Driving Cost From Ontario Auto Insurance

Cost of auto Insurance in Ontario

A recent flurry of news reports throws some serious shade at providers of automobile insurance in Ontario.

“Grand Theft Auto,” accuses one headline. “Ontario drivers have fewest accidents, pay highest insurance premiums,” charges another.

The unfavorable attention comes in the wake of the April 11, 2017 report by David Marshall, Special Advisor to the Minister of Finance, tasked in early 2016 with reviewing the province’s ailing automobile insurance system.

Provocative headlines aside, the more relevant takeaways from the report are found in the reasons behind provincial disparities and Marshall’s vision for premium reductions to bring Ontario in line with the national average.

In a 103-page analysis—Fair Benefits Fairly Delivered: A Review of the Auto Insurance System in Ontario—Marshall conducts a thorough examination, provides a diagnosis, and writes a prescription to heal an automobile insurance system that for more than a decade has left Ontario drivers with a bad case of indigestion.


With variable coverage, comparing the cost of automobile insurance in Ontario with other provinces is like comparing a Porsche to a Ford Fiesta. We pay much more for a Porsche, but we also expect more in quality and performance. Not everyone needs a Porsche, in fact, many car owners are perfectly content with the affordable and fuel-efficient Fiesta.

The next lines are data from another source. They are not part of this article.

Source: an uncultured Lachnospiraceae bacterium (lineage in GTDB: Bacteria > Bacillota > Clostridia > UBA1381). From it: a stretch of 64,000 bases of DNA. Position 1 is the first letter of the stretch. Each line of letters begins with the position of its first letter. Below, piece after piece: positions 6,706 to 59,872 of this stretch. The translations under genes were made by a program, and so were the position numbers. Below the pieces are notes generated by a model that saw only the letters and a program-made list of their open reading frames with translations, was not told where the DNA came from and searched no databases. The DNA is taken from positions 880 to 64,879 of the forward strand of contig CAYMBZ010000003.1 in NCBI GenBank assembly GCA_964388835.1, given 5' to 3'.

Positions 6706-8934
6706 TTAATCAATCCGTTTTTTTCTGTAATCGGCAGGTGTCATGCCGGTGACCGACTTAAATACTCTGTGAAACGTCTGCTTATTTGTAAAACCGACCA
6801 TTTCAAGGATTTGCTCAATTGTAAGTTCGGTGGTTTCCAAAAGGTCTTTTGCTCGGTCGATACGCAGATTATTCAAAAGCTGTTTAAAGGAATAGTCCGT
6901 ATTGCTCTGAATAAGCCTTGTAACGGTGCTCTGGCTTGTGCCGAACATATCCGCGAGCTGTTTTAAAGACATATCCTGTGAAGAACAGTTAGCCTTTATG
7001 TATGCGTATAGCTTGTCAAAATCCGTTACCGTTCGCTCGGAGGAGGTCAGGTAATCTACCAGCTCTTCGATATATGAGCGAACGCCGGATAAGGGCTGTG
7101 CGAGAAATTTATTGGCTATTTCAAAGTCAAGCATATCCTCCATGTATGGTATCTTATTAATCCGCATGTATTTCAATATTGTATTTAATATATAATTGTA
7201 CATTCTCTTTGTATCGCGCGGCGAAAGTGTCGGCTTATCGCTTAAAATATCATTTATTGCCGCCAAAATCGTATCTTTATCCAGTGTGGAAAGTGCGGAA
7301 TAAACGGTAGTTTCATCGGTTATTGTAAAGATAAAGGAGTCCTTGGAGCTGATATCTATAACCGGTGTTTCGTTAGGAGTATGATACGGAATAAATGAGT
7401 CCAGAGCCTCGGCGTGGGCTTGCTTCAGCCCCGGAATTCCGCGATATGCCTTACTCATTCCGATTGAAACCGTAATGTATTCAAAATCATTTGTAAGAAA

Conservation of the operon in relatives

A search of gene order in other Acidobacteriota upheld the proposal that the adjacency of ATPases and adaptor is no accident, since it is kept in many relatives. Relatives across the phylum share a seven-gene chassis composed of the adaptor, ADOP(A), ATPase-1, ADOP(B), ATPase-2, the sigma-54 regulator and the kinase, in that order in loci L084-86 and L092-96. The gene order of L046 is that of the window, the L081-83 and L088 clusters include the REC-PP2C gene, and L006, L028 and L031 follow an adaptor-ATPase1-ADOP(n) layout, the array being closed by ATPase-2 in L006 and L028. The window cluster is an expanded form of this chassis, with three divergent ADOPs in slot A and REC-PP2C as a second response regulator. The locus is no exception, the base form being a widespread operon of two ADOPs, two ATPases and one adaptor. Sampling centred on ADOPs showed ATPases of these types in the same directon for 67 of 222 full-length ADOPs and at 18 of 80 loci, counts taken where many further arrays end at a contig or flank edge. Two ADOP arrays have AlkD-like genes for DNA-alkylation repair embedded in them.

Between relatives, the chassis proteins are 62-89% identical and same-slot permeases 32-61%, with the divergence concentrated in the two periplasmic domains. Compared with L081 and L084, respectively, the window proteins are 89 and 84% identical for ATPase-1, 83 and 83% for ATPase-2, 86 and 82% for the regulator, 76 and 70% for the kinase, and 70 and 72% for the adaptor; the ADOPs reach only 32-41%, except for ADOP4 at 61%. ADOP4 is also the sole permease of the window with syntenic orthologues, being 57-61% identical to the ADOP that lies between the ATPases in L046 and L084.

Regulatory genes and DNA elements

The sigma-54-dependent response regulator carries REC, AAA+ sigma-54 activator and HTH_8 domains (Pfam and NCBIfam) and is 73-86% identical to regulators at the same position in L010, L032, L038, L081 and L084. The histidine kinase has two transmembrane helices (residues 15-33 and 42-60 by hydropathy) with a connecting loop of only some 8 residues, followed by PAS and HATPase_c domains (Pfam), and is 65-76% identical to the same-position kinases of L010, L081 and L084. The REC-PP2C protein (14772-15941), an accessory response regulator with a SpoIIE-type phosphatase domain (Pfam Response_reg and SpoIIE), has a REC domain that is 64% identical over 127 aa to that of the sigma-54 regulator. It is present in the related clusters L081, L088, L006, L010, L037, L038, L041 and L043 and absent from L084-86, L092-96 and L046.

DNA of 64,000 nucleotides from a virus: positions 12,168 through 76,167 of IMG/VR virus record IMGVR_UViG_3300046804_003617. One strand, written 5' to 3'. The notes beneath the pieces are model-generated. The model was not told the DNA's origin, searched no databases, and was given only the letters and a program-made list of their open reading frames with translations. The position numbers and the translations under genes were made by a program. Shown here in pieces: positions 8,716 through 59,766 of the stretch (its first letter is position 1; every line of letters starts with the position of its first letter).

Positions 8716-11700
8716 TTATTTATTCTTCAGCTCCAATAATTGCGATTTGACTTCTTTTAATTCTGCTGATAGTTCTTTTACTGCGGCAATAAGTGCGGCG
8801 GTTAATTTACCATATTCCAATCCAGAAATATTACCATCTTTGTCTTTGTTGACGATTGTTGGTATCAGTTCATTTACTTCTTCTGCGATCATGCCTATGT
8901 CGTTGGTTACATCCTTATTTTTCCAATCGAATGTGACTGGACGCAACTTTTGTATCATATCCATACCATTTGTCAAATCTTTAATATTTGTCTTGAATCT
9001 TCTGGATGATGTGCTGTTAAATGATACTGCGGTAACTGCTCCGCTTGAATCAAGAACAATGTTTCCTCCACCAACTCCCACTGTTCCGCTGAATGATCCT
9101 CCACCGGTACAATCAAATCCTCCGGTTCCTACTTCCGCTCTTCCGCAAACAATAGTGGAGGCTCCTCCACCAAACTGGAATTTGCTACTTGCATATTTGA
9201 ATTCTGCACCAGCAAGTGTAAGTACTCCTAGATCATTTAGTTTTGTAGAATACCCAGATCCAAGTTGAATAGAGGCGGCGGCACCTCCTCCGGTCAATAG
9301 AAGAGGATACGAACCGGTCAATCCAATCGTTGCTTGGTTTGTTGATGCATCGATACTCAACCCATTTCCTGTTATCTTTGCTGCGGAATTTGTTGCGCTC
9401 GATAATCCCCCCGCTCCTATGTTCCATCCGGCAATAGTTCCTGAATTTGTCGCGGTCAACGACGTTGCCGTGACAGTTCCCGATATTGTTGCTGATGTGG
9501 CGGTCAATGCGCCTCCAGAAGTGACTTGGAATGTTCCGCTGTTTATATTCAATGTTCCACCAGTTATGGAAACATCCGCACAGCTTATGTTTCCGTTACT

In Ontario, accident benefits coverage is broader than what is provided in other provinces—but there are inefficiencies. The benefits available are fair, but they are not being fairly delivered, Marshall contends. The Porsche is overheating and its performance is compromised; considerable maintenance expense is being incurred beyond the sticker price.

The premiums Ontarians pay for insurance are predicated, not just on the direct cost of claims and benefits consumers actually receive, but by superfluous legal fees and duplicative healthcare costs from which no benefit to the injured party is derived. “The structure is flawed: Current trends do not indicate that the system will self-correct,” Marshall warns.


The report cites examples of inefficiencies where parties work at cross-purposes: insurers focus on cost control rather than the delivery of care to customers; accident victims pursue entitlements rather than needs; lawyers escalate the value of claims to increase contingency fees; health providers are paid on volume instead of results.

Marshall proposes the first step in reform is to establish and empower an arms-length regulator to overhaul existing regulations. He recommends substantial change to the system of compensation for the catastrophically injured—where money currently funneling to lawyers is redirected towards care for accident victims.